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MIKE CLARK: NWI Oilmen's Zamaurion Hatcher perseveres during his baseball journey

MIKE CLARK: NWI Oilmen's Zamaurion Hatcher perseveres during his baseball journey

WHITING — Like everyone else, Zamaurion Hatcher has a pandemic story.

The Northwest Indiana Oilmen outfielder, who drove in the East's first two runs in Tuesday night's Midwest Collegiate League All-Star Game, graduated from Chicago Kenwood this spring after barely having a high school career.

He had his junior season canceled because of COVID-19 and had only an abbreviated senior year in the Chicago Public League.

In between, Hatcher wound up leaving the state to play last summer for Team Ohio Pro Select. He got the chance to showcase his skills during trips to Georgia and Alabama, among other places, but he also ran into some bad luck — literally.

"I hurt my shoulder," Hatcher said. "I hit a double down the line and I tripped over first base, I tripped over my own feet."

That led to a two-week layoff, about the last thing Hatcher wanted after not playing all spring.

"That was the toughest thing about last summer, my shoulder (injury), trying to get healthy," he said.

But dealing with adversity like that is actually what Hatcher may love most about baseball.

He started playing as a 4-year-old, signed up by his dad along with his cousin. Hatcher also played basketball and football growing up. But while his teammates wound up following different paths, he stayed the course in baseball.

"There's an age like 14 or 15 when you see a lot of players quitting (baseball)," Hatcher said, "That's the grind before the grind, You see a lot of players ... say they're done, give their retirement speeches: 'I can't do this anymore.'"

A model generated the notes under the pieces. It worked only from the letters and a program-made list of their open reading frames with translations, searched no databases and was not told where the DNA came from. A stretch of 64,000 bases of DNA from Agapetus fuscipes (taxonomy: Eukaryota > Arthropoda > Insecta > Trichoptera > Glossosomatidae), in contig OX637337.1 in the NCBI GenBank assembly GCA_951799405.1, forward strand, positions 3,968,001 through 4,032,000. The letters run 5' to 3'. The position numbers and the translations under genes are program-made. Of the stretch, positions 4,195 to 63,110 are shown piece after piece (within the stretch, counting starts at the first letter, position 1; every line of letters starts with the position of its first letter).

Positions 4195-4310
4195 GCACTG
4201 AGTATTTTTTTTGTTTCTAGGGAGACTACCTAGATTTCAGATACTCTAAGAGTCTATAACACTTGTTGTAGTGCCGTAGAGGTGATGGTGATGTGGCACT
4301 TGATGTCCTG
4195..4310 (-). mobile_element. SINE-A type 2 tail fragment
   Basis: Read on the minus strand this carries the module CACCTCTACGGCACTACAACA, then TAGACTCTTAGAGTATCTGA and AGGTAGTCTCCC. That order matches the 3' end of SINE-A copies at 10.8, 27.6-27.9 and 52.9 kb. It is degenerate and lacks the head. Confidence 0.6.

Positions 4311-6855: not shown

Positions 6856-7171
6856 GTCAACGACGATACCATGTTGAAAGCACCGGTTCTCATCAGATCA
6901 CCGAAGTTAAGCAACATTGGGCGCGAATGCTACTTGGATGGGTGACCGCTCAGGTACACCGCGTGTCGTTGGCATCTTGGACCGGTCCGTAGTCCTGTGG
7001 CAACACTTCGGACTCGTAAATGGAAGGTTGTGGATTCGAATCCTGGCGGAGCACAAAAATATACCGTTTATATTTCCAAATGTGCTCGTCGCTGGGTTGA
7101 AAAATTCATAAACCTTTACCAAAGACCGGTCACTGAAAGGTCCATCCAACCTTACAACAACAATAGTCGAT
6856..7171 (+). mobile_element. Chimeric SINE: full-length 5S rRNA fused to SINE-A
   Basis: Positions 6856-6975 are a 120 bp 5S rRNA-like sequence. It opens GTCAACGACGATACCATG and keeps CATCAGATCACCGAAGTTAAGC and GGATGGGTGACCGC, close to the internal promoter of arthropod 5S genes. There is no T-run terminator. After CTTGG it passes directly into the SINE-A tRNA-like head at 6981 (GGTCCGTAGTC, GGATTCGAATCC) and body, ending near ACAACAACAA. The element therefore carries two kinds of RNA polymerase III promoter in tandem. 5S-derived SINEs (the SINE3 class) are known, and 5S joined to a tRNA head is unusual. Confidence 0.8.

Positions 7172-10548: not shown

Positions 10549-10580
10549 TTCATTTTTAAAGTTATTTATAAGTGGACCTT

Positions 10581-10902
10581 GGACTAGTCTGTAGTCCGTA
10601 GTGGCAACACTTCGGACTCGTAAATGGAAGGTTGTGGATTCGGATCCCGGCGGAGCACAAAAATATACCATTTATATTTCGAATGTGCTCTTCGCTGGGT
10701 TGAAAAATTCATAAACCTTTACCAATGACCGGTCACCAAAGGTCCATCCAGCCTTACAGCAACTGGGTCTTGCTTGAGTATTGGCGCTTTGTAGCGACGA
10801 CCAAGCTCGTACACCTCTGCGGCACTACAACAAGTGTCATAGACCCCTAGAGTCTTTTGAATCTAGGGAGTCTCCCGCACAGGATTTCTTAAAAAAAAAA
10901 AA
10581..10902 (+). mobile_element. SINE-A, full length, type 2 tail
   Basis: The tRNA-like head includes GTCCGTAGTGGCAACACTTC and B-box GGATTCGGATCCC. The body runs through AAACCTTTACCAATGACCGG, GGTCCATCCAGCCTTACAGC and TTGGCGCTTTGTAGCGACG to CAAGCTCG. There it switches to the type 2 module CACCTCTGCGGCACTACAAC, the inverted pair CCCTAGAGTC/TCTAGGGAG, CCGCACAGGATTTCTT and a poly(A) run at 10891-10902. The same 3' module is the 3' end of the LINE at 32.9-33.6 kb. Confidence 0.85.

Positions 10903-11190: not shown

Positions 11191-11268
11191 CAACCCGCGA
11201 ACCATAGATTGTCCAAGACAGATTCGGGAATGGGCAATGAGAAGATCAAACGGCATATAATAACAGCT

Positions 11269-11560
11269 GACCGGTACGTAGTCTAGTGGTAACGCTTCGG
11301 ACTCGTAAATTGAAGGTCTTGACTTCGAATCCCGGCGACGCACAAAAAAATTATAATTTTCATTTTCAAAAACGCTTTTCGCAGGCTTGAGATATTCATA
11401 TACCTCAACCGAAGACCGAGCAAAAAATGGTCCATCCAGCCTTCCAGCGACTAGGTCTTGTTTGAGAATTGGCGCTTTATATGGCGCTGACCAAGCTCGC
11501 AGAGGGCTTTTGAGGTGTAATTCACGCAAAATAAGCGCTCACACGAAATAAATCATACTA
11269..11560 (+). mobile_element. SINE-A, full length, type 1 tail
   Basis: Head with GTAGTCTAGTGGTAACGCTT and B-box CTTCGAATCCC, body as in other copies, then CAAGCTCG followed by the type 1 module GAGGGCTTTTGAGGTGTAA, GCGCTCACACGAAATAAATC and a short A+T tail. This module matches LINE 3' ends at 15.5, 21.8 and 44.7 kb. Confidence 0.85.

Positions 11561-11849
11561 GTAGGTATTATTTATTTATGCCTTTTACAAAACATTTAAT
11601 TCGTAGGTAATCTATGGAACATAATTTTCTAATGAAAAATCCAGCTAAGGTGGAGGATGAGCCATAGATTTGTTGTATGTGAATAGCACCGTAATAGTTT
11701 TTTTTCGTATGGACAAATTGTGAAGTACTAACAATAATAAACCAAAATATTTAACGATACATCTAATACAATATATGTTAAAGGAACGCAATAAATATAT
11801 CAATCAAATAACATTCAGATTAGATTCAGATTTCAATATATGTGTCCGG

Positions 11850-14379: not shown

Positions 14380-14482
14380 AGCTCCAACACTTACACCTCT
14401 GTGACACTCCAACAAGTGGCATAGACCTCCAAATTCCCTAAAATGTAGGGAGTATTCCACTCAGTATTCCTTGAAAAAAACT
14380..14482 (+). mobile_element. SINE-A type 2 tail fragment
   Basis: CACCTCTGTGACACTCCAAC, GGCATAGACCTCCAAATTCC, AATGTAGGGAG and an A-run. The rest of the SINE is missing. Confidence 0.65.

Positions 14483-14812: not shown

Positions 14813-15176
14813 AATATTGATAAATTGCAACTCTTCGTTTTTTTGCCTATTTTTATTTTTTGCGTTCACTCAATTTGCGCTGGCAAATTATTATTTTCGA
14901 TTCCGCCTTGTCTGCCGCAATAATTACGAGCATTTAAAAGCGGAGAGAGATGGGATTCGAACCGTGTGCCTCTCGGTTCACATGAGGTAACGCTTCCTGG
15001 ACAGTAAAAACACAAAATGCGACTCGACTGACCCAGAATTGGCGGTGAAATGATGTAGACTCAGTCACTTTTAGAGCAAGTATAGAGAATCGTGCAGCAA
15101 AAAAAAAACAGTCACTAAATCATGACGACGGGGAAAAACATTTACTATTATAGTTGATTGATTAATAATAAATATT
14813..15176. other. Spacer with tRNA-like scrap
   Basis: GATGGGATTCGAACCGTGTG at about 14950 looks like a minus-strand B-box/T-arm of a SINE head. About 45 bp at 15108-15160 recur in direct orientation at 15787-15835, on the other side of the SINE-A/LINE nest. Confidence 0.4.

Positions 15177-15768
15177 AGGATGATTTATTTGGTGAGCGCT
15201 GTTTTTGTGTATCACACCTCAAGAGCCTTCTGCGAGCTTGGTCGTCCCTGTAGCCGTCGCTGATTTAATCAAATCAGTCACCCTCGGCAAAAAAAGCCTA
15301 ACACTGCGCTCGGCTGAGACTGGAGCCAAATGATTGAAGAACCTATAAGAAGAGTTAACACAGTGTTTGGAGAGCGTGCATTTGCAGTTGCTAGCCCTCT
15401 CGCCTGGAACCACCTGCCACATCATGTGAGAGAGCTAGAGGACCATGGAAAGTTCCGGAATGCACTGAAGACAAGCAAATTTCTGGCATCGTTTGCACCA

But Hatcher is all about the grind.

"There's just something about baseball," he said. "I feel like it will prepare you for life more. ... I feel like there's more adversity in baseball than football and basketball.

"You go into a slump, i mean a slump slump, you just want to quit. But you just can't quit."

Hatcher didn't quit. He persevered, both on the field and during a recruiting process turned upside down by the pandemic.

His plan is to attend junior college national power Wabash Valley (Illinois) for one season before transferring to Michigan — unless he happens to get drafted next year.

Hatcher grew up a Dodgers fan — his favorite player was Matt Kemp. But like most other South Siders, he appreciates White Sox shortstop Tim Anderson's game.

"I love the way Tim Anderson plays — the energy, he gets fans involved," Hatcher said. "He goes hard every game. It pushes me to go harder and harder.

"Because he's already there, and he's still going hard. I'm nowhere near there so I know I've got to go harder."

But as dedicated as Hatcher is to the grind, he's also just a kid playing a game.

"When I talk to people about 'Z,' the first thing I bring up is his personality," Oilmen manager TJ Marik said. "Every single day he's around, he ends up putting a smile on my face."

Hatcher's game — plenty of pop at the plate, plenty of speed on the bases — is easy on the eyes, too.

He's slashing .355/.466/.532 with seven extra-base hits in 15 games.

"There really isn't a ceiling for him," Marik said. "He shows up for early work 90% of the time. ... I think he's going to go a long way in this game."

Mike Clark can be reached at (219) 933-4197 or The opinions are the writer's.


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